Food fortification has been credited with helping to avoid widespread vitamin and mineral deficiencies in millions of people over the past decades. The reason why fortification is so effective is that it has the potential to increase the nutrient levels within an entire population without requiring any behavior change on the part of the individual. Fortification may be particularly helpful to increase the supply of nutrients that are only found in a limited number of foods, or restricted within a few food groups. Vitamin D has been added to milk in the United States and Canada since the 1940s, and the introduction of a carefully-planned fortification policy has been credited with eliminating rickets as a public health issue (the National Academies Press has a summary of fortification programs in the US and Canada here).
Other countries do not fortify with vitamin D. As vitamin D fortification is not allowed in Germany, yet the adult population appears to have generally low vitamin D levels compared to the US, Brown and colleagues have modeled the effect of fortifying various carrier foods with vitamin D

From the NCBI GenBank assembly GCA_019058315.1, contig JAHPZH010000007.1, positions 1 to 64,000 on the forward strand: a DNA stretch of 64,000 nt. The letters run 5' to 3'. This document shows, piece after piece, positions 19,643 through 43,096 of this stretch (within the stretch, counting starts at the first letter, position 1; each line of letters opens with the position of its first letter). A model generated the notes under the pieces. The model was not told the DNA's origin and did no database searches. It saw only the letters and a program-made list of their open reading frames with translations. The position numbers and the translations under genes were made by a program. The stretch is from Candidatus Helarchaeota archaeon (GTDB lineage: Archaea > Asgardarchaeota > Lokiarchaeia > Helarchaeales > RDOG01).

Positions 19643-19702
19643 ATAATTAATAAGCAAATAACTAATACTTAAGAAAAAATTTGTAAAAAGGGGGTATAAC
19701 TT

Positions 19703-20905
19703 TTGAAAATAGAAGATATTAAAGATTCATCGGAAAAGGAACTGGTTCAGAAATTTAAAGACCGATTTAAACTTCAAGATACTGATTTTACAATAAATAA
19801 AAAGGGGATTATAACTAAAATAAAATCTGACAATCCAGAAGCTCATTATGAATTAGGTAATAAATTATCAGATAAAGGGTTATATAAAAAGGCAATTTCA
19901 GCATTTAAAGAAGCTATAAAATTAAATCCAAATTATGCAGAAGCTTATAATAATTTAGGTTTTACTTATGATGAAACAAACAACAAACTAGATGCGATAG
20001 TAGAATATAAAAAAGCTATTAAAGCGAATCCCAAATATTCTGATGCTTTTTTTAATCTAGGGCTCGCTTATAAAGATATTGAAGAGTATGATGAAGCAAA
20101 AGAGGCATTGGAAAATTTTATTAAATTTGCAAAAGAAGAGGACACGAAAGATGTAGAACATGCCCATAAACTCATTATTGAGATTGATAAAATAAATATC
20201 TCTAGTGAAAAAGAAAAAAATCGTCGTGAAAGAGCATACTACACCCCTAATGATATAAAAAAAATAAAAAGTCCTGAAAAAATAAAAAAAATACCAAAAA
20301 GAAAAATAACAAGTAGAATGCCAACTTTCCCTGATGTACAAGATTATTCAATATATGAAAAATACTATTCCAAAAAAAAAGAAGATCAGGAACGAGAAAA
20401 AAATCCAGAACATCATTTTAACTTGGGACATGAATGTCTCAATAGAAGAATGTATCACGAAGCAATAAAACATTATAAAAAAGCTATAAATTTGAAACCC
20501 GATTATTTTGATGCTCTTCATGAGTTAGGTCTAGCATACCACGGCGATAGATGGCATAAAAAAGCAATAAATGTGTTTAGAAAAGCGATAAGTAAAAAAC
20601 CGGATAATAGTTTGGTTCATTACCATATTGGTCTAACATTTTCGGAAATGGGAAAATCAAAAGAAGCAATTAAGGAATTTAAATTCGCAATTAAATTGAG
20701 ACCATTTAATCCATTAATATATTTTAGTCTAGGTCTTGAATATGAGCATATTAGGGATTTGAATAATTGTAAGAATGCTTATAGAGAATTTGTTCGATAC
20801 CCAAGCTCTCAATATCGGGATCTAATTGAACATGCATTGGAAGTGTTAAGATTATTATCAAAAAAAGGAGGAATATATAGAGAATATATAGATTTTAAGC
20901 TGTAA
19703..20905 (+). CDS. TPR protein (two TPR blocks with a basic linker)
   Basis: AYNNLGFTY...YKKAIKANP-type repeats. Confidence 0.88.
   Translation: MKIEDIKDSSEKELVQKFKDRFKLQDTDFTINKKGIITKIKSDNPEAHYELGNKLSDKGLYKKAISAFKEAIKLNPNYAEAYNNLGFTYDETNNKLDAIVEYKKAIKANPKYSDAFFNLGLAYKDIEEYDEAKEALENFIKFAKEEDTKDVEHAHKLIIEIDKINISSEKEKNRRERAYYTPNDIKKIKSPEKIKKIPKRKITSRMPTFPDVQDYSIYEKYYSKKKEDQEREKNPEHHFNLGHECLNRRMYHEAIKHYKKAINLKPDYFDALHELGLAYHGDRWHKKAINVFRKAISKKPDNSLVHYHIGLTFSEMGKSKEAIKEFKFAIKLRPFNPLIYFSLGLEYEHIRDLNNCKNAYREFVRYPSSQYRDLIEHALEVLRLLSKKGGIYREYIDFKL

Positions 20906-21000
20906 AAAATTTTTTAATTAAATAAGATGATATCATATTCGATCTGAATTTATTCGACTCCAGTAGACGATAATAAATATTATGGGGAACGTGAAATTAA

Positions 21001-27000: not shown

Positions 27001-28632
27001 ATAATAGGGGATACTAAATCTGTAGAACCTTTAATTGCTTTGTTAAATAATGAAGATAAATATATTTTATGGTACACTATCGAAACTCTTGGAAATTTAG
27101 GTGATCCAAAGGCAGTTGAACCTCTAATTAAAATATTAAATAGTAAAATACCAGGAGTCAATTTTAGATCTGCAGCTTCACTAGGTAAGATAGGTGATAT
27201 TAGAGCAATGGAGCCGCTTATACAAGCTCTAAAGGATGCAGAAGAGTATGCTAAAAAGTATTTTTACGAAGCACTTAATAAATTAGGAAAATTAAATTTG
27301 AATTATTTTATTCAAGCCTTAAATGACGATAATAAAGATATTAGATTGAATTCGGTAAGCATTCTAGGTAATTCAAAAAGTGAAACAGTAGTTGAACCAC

Telomeres are repeated nucleotide sequences which protect chromosomes during cell replication. In cell division, chromosomes are ‘read’. Having telomeres at the end to ensure the entire gene is transcribed. Similar to having an extra-long zipper in a coat which guarantees the full length of the coat is zipped up. Because some of a telomere may not get copied during replication, telomere regions become shorter as animals age. Shorter telomeres are associated with accelerated aging (Gasser & Coutre, 2013).
Suboptimal nutrition and stress contribute to accelerated aging (Aiken et al, 2013). In a new study